This supersized volcano formed around 40,000 years ago, producing an eruption that unleashed 500 cubic kilometers (120 cubic miles) of volcanic debris in mere moments. Some of it was found as far afield as Greenland.
The blast registered as a 6 or 7 on the Volcanic Explosivity Index (VEI) – the most powerful type of eruption. It was, without a doubt, the most powerful volcanic eruption in Europe in the last 200,000 years.
It’s erupted infrequently since then, and scientists are concerned that it may one day cause another VEI 6 event. Vesuvius, the infamous volcano nearby, will look like a firecracker in comparison.
Considering that millions of people live literally within the crater, let alone the millions more living just outside the rim, this make it one of the most dangerous – and heavily monitored – volcanoes in the world.
That’s why, when it was discovered that the ground had risen 0.38 meters (1.25 feet) since 2005, it caused a fair bit of concern. Between 1982 and 1984, the ground moved upwards by 1.8 meters (5.9 feet), about 24 times as fast as the current rate of ascension. Nothing happened, of course, but volcanologists were getting ready to sound the alarm.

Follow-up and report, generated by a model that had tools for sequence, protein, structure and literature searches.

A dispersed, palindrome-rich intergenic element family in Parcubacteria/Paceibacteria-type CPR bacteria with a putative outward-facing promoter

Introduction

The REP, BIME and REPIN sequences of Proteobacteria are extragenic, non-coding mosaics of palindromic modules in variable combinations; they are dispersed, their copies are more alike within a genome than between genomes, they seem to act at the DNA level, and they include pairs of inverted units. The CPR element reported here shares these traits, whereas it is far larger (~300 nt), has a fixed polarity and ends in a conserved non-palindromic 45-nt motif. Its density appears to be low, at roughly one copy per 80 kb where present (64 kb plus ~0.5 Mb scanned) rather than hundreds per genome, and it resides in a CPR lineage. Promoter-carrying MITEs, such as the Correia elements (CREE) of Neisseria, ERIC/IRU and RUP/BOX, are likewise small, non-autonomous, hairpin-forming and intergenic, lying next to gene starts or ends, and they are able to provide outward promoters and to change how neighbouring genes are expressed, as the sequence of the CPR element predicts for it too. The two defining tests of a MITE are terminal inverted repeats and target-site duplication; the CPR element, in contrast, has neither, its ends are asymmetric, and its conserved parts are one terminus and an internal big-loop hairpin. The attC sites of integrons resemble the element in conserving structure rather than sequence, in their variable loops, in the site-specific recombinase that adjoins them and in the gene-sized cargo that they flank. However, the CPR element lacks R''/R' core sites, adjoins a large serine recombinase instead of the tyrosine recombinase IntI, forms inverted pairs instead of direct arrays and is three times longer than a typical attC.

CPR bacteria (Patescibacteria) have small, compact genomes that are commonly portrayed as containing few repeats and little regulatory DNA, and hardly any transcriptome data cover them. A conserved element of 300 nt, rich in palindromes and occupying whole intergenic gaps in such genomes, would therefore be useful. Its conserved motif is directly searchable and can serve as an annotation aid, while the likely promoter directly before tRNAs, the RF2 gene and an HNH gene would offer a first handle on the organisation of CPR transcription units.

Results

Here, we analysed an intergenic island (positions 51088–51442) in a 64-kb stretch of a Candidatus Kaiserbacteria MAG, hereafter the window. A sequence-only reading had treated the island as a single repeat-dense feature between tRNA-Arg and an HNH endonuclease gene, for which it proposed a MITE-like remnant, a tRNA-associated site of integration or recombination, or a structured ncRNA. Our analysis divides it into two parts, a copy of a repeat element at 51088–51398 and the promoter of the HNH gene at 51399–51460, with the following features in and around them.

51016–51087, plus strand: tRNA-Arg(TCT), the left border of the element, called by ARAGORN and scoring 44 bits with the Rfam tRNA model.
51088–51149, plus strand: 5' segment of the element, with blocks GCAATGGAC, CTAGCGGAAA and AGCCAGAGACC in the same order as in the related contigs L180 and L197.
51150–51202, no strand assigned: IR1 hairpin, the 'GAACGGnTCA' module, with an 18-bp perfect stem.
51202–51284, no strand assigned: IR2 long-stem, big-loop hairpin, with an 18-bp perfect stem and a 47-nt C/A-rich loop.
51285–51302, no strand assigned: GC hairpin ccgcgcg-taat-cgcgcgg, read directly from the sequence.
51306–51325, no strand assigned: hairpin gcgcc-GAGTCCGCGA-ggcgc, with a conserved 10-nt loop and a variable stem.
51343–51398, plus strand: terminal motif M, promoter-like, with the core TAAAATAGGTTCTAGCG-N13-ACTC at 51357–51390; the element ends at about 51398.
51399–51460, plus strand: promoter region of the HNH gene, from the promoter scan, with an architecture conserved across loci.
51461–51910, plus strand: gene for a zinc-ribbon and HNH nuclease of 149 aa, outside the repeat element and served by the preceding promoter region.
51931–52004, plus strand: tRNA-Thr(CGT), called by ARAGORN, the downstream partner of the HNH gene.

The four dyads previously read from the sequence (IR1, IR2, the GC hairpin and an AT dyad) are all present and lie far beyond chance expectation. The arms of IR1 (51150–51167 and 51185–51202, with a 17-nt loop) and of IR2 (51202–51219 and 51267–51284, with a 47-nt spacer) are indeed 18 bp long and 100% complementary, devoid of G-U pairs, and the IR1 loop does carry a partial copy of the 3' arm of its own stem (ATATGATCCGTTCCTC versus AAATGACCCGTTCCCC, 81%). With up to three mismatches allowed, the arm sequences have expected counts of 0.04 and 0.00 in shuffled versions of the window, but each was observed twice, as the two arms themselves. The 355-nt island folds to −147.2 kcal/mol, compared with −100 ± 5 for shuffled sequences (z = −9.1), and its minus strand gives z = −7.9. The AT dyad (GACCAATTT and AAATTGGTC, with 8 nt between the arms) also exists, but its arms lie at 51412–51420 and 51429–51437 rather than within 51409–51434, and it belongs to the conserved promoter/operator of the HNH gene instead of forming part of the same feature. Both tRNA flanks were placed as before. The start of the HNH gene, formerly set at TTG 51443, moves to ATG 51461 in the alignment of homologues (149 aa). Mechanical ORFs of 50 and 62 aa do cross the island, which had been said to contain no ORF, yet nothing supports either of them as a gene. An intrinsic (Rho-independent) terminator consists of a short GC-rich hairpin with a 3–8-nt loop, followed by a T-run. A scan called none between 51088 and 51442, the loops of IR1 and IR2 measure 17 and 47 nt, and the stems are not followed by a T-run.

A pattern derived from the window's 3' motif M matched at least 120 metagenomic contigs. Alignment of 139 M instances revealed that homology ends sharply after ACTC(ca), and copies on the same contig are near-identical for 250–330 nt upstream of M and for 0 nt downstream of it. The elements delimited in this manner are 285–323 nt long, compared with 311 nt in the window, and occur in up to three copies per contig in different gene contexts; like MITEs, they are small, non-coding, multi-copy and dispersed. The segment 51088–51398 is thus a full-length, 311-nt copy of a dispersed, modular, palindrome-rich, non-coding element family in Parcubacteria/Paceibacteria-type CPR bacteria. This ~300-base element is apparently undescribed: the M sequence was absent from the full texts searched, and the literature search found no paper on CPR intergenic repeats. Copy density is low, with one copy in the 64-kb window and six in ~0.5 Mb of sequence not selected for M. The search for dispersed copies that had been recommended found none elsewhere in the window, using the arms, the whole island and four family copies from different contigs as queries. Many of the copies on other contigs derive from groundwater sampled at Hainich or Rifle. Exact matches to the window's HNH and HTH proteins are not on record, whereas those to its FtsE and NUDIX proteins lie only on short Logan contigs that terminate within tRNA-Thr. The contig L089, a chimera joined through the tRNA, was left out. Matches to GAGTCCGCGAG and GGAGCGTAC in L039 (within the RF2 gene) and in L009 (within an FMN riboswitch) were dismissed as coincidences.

Nearby Vesuvius has got nothing on Campi Flegrei. S-F/Shutterstock
There is a huge debate as to why the ground rose, with some thinking that it was, and is, magma infilling into a cavity and causing pressure on the roof. Other studies suggest highly pressurized fluids are butting up against the roof, which although not ideal is better than an accumulation of fresh, eruptible magma.
This new study, published in Nature Communications, appears to buy into the second hypothesis to some degree. So although this unrest is worrying, as any around a volcano would be, there’s absolutely no sign that these fields of fire are about to erupt just yet.
Then again, it is 2016.